This is the completion of a two-part post on rebuilding the chainplate knee in our Bristol 26. Click here to read Part 1. With the shelf and old chainplate knee out of the way, it was time to start preparing the area for new fiberglass. One benefit of the poorly constructed pieces was that they came completely off without much effort, leaving me very little grinding and sanding to do.

Getting ready to fiberglass in the shelf in our bristol 26 sailboat

I used cardboard to make new templates for the replacement pieces. Once I made the templates, I could cut the pieces out of plywood at home.

I decided to cut a section of the liner out of the cabin, and butt the new knee against the bottom of the deck. I would bring the knee down to the shelf, making the shelf a part of the support structure.

I also decided to leave the section under the shelf open as well. The old board under the shelf wasn’t doing much other than closing off space and making our sailboat feel a little bit smaller.

Making a cardboard template for the new shelf in our bristol 26 sailboat.
Cardboard should be strong enough, right? I’ll just use a lot of duct tape…

The cardboard templates were easy to make and folded up well for transport, but I might try poster board next time. You can see in the picture that the floppiness of the folded up cardboard made it a bit difficult to make an accurate template.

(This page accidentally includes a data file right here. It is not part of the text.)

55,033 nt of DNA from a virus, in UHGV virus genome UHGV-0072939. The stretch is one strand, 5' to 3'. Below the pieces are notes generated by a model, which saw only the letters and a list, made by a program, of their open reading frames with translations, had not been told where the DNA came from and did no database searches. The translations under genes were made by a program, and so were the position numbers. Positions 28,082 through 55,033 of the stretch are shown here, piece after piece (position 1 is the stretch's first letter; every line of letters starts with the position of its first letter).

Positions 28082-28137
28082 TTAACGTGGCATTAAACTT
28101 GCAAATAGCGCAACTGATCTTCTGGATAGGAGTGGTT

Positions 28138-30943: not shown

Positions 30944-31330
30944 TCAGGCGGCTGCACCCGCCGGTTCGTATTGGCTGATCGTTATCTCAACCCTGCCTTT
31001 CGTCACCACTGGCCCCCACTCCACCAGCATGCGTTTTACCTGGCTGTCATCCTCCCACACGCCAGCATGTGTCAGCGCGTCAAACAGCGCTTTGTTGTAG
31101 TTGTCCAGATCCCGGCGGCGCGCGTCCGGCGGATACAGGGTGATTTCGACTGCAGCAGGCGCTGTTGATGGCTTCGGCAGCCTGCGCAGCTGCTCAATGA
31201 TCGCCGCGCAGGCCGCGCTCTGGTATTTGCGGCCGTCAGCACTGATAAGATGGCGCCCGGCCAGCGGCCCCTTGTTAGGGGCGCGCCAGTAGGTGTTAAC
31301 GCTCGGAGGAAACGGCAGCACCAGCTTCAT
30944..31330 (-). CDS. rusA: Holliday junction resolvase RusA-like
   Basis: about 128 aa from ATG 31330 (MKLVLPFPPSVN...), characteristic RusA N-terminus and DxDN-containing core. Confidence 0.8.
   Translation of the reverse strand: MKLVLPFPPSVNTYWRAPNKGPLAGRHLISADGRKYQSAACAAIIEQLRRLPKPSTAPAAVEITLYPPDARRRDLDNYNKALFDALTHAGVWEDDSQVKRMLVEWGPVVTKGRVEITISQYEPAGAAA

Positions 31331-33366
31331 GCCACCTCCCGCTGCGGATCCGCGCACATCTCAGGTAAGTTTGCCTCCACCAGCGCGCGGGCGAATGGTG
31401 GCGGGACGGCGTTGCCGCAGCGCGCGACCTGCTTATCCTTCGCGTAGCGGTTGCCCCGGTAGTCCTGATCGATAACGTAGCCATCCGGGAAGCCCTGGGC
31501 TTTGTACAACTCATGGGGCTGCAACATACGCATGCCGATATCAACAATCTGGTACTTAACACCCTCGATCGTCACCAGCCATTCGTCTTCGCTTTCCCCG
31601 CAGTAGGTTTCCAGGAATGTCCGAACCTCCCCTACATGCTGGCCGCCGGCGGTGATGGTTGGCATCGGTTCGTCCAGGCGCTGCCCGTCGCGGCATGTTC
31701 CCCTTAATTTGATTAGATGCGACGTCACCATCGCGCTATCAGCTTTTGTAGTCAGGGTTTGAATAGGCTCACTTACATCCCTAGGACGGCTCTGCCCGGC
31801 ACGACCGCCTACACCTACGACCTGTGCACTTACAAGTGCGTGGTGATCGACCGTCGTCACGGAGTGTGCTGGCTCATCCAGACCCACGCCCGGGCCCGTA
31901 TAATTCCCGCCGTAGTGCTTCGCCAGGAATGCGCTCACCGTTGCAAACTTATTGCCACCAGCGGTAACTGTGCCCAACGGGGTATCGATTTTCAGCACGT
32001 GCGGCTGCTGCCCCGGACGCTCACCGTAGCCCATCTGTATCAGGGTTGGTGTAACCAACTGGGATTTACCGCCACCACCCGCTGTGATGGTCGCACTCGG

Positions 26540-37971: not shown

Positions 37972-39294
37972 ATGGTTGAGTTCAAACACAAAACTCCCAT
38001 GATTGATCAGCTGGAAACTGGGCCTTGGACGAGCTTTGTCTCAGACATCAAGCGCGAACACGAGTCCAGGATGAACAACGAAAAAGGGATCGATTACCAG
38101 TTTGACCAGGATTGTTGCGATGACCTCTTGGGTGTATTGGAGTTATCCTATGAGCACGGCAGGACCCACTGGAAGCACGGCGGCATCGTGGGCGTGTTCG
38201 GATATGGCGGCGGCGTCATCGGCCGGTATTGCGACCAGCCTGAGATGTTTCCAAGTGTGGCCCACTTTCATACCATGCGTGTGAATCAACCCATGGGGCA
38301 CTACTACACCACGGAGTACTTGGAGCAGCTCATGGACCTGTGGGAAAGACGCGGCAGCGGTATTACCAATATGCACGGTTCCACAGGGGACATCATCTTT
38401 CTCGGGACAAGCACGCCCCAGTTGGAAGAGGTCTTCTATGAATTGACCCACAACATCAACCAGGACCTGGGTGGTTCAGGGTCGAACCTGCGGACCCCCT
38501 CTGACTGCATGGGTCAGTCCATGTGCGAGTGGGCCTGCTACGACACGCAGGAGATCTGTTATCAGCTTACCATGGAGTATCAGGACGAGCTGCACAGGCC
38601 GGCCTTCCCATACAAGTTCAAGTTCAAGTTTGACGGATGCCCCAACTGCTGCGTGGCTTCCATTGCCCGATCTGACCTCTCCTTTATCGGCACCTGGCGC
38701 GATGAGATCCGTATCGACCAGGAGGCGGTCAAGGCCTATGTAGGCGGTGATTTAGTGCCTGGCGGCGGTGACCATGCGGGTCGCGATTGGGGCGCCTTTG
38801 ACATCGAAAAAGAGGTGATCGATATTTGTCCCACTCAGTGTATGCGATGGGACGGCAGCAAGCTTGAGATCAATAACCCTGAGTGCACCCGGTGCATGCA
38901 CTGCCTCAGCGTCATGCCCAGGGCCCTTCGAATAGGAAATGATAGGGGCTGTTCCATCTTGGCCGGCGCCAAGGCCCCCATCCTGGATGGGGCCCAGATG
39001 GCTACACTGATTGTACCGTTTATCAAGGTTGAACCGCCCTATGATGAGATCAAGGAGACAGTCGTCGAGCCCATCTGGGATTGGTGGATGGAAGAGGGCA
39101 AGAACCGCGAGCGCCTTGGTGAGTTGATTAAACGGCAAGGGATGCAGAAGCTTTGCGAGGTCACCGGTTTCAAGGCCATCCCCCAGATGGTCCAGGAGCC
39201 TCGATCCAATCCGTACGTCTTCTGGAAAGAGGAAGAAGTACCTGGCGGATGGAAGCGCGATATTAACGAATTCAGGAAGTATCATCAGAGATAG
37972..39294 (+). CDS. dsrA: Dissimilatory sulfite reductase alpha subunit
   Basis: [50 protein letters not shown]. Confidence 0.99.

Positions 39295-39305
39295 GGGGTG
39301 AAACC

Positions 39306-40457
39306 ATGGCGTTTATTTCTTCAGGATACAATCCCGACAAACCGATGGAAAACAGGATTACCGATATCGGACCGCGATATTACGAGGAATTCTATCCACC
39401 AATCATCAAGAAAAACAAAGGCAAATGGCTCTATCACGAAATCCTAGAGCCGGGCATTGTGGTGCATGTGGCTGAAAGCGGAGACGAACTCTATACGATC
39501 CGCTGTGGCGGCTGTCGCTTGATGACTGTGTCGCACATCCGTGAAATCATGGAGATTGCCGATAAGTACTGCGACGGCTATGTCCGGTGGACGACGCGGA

The shelf and chainplate knee is fiberglassed and filleted on out bristol 26 sailboat.

Once I got back to the boat, I had to make a few cuts to the plywood with my multitool and cordless angle grinder with a flap disc on it. It fit reasonably well after that. I mixed up a batch of slightly thickened epoxy, and sandwiched the two boards I cut for the chainplate knee together. Next, I brushed an epoxy layer on to the mating surfaces on the boat and the plywood, then placed the shelf and chainplate knee into position. I supported it with some boards and tools to keep it in place.

The shelf and chainplate knee is fiberglassed and filleted on out bristol 26 sailboat.
Here it is with the outer shelf piece secured in place.. The darker fillet is West System filleting blend added to epoxy resin.

To make a fillet, I used Mas Epoxy’s Gluzilla. It comes in a caulking tube, and mixes in a special nozzle that has an internal corkscrew-shaped mixer in it. It’s more expensive than mixing your own batch, but it’s very convenient, less messy, and nicer looking when finished. I also end up with less waste, as the epoxy is only mixed as it’s used, so I can just throw out the tip when I’m done and keep the rest of the tube for the next project. You can see the difference in texture where I used my own mix of epoxy and filleting blend (the dark brown area).

I used my router to cut a groove in the outer part of the shelf, and, after coating it with unthickened epoxy, attached it to the plywood shelf with screws. I also used Gluzilla to make the fillet for that piece.

If you look at Part 1 of this project, you can see the difference in design from the old chainplate knee, I think this will be much stronger than the original. The shelf is now a structural part of the boat, and the outer shelf ties in with the chainplate knee, which is bonded on all 4 sides–unlike the original design, which was bonded on only one side.